Space: US-Russia collaboration


The rule says if you do not know a foreign language, you cannot go to space.

Along with training in spacewalks, robotics and piloting a spaceship, NASA now want all the future astronauts to learn and speak Russian.

Back in the 1980s, a handful of the US astronauts had taken training in Russian when the Archenemies, Soviets and Americans worked together in the Mir space station. Now, due to close collaboration with the Russians, it has become mandatory for the Americans to learn Russian.

In July 2012, NASA has retired its fleet of space shuttle leaving Russia responsible for transporting astronauts to and from the space station.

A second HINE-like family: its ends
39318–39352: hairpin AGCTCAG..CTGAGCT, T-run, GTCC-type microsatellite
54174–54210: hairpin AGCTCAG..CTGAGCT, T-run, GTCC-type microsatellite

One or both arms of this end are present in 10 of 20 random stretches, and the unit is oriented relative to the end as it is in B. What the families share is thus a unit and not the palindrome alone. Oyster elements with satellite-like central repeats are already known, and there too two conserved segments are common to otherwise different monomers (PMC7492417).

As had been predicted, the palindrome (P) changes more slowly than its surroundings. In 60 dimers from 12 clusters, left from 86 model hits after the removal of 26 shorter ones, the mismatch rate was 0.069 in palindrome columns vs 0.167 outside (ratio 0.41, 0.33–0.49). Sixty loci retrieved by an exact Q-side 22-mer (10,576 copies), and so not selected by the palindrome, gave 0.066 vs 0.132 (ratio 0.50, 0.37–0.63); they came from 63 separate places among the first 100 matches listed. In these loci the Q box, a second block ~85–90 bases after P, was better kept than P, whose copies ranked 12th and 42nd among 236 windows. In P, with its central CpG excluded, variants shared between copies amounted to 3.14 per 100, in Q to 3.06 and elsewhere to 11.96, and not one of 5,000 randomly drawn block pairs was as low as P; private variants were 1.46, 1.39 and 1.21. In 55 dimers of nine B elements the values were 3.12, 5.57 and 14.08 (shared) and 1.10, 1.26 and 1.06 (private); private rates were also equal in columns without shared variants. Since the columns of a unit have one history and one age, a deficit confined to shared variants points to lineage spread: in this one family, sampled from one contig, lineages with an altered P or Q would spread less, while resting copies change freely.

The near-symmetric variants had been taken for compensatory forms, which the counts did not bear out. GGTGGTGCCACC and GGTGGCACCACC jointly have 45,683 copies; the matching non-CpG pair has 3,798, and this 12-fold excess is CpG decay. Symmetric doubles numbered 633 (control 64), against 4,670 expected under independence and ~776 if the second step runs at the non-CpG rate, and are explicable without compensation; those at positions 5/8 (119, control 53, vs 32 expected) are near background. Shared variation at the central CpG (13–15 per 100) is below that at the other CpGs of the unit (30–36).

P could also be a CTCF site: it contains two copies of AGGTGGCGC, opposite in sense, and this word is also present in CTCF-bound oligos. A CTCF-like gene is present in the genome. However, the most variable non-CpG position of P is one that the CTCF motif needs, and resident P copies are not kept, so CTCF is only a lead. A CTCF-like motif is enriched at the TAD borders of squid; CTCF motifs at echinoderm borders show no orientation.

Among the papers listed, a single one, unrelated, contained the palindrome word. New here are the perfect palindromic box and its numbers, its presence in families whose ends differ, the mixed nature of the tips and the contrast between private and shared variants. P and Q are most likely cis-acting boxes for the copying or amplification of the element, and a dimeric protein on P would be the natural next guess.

After President Barack Obama cancelled Project Constellation, a programme to develop space shuttle replacement, it is evident how difficult it would be to rely upon Russia

Russia too, seems to have grasped the truth and announced the plan to double the cost of seats on its Soyuz rockets from $26.3 million per astronaut to $55.8 million in 2013-14.

NASA seems to realize how awkward it all is. Though the most recent broacher of the Astronaut Selection and Training Programme makes no requirement of the Russian language whatsoever, despite pages of copious details about the other aspects of training.

NASA has also declared that it would be seeking around 8 to 12 new astronauts to bolster its roster with the knowledge of Russian language.


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